He was six-feet-four inches tall, gangly and awkward, all knees and elbows. He wore a suit that was so wrinkled he might have slept in it the night before. As he framed his shots, the ash from his unfiltered Pall Mall dangled dangerously over his Nikon. But his subjects barely noticed. He used a long lens, and watched them – so quietly and so patiently and from such a distance that they always forgot that he was there. That was when the magic began – when Grey Villet captured the people he had come to photograph.
This article is reserved for subscribed members only. If you are already a member, you can log in here below.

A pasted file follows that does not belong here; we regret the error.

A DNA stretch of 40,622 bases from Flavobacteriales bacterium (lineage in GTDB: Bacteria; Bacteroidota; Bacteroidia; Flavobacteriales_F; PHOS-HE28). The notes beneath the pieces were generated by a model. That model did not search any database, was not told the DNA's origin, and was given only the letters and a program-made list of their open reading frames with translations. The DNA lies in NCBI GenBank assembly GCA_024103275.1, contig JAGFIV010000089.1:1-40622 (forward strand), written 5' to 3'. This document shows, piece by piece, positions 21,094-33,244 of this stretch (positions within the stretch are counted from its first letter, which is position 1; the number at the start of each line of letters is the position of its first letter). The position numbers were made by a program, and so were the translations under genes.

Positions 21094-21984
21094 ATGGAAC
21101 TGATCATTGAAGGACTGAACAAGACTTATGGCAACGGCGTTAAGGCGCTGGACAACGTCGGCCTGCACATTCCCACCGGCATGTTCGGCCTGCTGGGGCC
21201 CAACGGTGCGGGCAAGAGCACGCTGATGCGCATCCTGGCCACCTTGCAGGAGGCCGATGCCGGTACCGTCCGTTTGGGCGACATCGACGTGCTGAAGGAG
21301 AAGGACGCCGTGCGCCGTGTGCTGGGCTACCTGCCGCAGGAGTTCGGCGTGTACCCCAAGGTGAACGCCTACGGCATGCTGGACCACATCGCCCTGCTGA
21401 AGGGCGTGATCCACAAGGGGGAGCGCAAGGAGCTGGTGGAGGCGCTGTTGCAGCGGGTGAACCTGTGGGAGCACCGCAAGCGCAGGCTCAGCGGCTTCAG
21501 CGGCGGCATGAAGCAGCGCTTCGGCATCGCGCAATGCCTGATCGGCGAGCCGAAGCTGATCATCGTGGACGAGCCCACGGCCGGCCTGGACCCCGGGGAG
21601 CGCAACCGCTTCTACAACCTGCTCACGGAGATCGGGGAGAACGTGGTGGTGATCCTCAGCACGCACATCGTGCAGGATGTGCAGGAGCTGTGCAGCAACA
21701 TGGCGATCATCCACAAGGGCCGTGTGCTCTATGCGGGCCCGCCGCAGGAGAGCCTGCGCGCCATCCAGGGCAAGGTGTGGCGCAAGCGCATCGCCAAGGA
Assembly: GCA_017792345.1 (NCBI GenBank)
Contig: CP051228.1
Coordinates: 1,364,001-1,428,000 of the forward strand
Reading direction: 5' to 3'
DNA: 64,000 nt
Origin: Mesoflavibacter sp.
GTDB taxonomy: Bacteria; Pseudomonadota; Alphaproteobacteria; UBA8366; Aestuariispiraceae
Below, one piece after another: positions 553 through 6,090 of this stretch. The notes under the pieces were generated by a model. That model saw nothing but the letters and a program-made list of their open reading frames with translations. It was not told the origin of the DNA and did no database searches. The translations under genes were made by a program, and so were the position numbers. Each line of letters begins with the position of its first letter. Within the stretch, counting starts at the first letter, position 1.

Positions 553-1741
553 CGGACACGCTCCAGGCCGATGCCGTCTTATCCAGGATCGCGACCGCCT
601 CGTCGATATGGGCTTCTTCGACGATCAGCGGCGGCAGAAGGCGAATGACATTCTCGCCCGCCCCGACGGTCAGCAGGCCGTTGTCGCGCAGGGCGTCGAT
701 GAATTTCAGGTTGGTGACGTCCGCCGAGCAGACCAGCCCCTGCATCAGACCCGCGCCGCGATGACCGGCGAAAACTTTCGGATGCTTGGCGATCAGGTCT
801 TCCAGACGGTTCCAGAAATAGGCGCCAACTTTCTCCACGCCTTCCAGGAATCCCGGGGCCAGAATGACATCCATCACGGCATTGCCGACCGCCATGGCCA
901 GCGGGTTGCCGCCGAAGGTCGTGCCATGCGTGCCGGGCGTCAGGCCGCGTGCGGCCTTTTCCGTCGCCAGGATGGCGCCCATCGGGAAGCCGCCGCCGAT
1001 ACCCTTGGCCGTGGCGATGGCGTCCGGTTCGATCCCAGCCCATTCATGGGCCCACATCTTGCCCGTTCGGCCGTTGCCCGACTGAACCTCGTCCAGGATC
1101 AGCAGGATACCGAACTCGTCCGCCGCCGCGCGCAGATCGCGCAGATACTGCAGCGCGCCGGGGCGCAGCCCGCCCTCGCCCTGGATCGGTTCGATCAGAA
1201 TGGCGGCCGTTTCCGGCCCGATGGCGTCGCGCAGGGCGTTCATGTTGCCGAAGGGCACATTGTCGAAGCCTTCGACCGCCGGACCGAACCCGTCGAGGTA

Subscribe for full access to The Eye of Photography archives!
That’s thousands of images and articles, documenting the history of the medium of photography and its evolution during the last decade, through a unique daily journal. Explore how photography, as an art and as a social phenomenon, continue to define our experience of the world. Two offers are available.
Subscribe either monthly for $5 or annually for $50 (2 months offered).